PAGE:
Alas, the damn thing never catches fire.

The story of an actor named Kit who’d kill to get his name in the New York Times and a detective named Mo who’s hot on his trail (but perhaps not hot enough), the show is based on a novel by William Goldman that was turned into an amusingly scary 1968 thriller starring Rod Steiger and George Segal.

At Signature, Larry Redmond has inherited the homicidal Steiger part, which calls for disguises and lots of flamboyance, and he showboats about as campily as anyone might wish while knocking off the various women who remind the character of his mom. Whether nervously fingering his clerical collar, stomping around with shirt open to the waist as a tango instructor, or smoothing his skirt while batting heavily mascara’d eyes at a potential victim, he’s amusingly single-minded and full-voiced.

Buzz Lauro has less flashy things to do as Mo, the detective with mother problems of his own, but plays the part in a similarly obsessive way, except when he’s romancing Peggy Yates’ sweet ingenue, with whom he understandably goes all googly-eyed. She’s a charmer, classy and smartass in the way leading ladies were back when Michelle Lee and Anita Gillette played them on Broadway. Also sharp is Donna Migliaccio, who plays all the mothers and mother surrogates—easily the evening’s best assignment—as if she were auditioning for the lead in The Dorothy Loudon Story.

But they’re all stymied by material that’s serviceable and sturdy rather than surprising, a characteristic that would be infinitely preferable considering the repetitive nature of the plot. Basically Kit kills, Mo fumbles, and the Times ignores them, so Kit kills again. And so on. When it’s time to bring down the curtain, there’s finally some variation, but otherwise the show can only vamp with a formulaic romance between Mo and his girlfriend.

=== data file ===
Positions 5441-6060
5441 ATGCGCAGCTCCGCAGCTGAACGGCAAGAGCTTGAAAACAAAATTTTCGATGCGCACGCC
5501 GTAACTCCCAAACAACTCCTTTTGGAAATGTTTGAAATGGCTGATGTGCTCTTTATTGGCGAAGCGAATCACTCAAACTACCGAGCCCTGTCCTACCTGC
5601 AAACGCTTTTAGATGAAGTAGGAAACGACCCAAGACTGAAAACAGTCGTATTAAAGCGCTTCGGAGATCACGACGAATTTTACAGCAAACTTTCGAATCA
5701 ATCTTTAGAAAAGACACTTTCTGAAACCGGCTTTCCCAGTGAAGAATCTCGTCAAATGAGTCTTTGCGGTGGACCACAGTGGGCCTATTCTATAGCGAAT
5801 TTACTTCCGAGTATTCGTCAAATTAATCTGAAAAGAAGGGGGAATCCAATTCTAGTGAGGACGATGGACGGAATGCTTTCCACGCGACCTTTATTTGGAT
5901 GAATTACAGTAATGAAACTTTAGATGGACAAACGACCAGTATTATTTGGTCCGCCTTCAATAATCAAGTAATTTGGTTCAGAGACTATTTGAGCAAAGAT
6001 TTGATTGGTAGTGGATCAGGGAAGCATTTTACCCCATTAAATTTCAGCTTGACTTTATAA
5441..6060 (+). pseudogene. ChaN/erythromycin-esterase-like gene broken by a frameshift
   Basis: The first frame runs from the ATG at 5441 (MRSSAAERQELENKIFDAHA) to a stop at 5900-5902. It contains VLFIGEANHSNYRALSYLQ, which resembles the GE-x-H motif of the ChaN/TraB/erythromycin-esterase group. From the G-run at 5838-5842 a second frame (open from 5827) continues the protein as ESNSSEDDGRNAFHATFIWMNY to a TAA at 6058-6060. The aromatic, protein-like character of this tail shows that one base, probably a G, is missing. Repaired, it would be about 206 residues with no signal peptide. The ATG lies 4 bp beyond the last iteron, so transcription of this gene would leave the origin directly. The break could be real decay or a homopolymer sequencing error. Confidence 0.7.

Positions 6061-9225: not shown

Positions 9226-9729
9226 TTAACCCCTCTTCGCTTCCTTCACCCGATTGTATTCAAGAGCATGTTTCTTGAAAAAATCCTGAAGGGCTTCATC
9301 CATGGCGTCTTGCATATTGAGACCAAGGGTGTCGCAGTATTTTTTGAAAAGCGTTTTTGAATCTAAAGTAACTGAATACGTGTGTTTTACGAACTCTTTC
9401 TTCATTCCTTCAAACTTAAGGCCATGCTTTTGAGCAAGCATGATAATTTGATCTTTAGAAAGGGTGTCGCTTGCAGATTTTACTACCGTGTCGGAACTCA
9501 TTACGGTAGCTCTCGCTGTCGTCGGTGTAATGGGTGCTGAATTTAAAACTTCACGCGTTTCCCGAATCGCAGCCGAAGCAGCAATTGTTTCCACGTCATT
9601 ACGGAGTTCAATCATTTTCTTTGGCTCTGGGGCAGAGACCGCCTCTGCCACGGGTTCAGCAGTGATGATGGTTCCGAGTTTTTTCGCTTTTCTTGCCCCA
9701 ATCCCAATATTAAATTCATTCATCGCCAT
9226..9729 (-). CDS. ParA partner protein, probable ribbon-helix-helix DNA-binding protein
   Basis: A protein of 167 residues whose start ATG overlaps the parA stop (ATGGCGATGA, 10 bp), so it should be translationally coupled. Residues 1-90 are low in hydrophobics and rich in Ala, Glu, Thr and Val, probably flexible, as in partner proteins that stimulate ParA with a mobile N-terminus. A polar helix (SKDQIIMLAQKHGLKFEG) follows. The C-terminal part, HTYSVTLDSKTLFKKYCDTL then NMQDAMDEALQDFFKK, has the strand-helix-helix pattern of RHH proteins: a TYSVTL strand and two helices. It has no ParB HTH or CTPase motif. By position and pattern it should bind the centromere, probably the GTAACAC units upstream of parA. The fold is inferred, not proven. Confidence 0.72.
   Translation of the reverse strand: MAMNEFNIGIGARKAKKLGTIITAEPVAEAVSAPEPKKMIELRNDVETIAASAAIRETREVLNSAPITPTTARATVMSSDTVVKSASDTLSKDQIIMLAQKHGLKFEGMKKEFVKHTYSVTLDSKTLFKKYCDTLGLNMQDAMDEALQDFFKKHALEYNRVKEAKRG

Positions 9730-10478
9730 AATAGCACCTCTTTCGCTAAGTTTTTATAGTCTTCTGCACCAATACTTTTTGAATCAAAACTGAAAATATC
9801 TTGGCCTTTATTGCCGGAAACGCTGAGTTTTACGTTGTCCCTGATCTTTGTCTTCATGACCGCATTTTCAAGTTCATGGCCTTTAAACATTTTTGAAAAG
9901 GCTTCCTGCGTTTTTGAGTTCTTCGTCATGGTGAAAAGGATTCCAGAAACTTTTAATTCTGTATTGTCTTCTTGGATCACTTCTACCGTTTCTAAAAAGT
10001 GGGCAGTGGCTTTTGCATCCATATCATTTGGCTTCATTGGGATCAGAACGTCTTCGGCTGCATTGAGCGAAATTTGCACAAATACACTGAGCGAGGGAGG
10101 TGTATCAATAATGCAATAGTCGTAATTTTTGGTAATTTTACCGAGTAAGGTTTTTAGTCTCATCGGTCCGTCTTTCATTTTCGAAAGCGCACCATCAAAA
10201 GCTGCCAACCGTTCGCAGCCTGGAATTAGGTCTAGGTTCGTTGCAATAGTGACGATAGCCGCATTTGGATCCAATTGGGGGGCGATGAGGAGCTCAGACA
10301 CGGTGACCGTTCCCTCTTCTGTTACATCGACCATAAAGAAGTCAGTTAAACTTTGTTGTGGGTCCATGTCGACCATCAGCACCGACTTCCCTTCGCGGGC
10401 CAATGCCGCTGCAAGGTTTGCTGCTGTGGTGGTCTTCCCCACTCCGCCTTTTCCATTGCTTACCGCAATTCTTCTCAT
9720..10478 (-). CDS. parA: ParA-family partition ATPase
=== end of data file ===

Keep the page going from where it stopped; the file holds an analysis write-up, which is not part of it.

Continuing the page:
Cohen’s melodies are pretty enough but not terribly memorable, as was the case with many mid-’80s musicals (the show premiered in New York a decade ago), while his lyrics always seem to rhyme on precisely the word that seems most logical, rather than offering patrons the sort of odd little surprises that might make their ears perk up. This is even true on the standout patter number in which Mo’s girlfriend meets his mom and convinces her that, contrary to all appearances, they’ve got a lot in common.

Scott Schwartz, who just finished directing an off-Broadway version of the same show for the York Theater Company, apparently darkened his approach for Signature’s staging. It’s hard to imagine the show being much chirpier. But if this is as deep as it gets, I suppose deeper is better.CP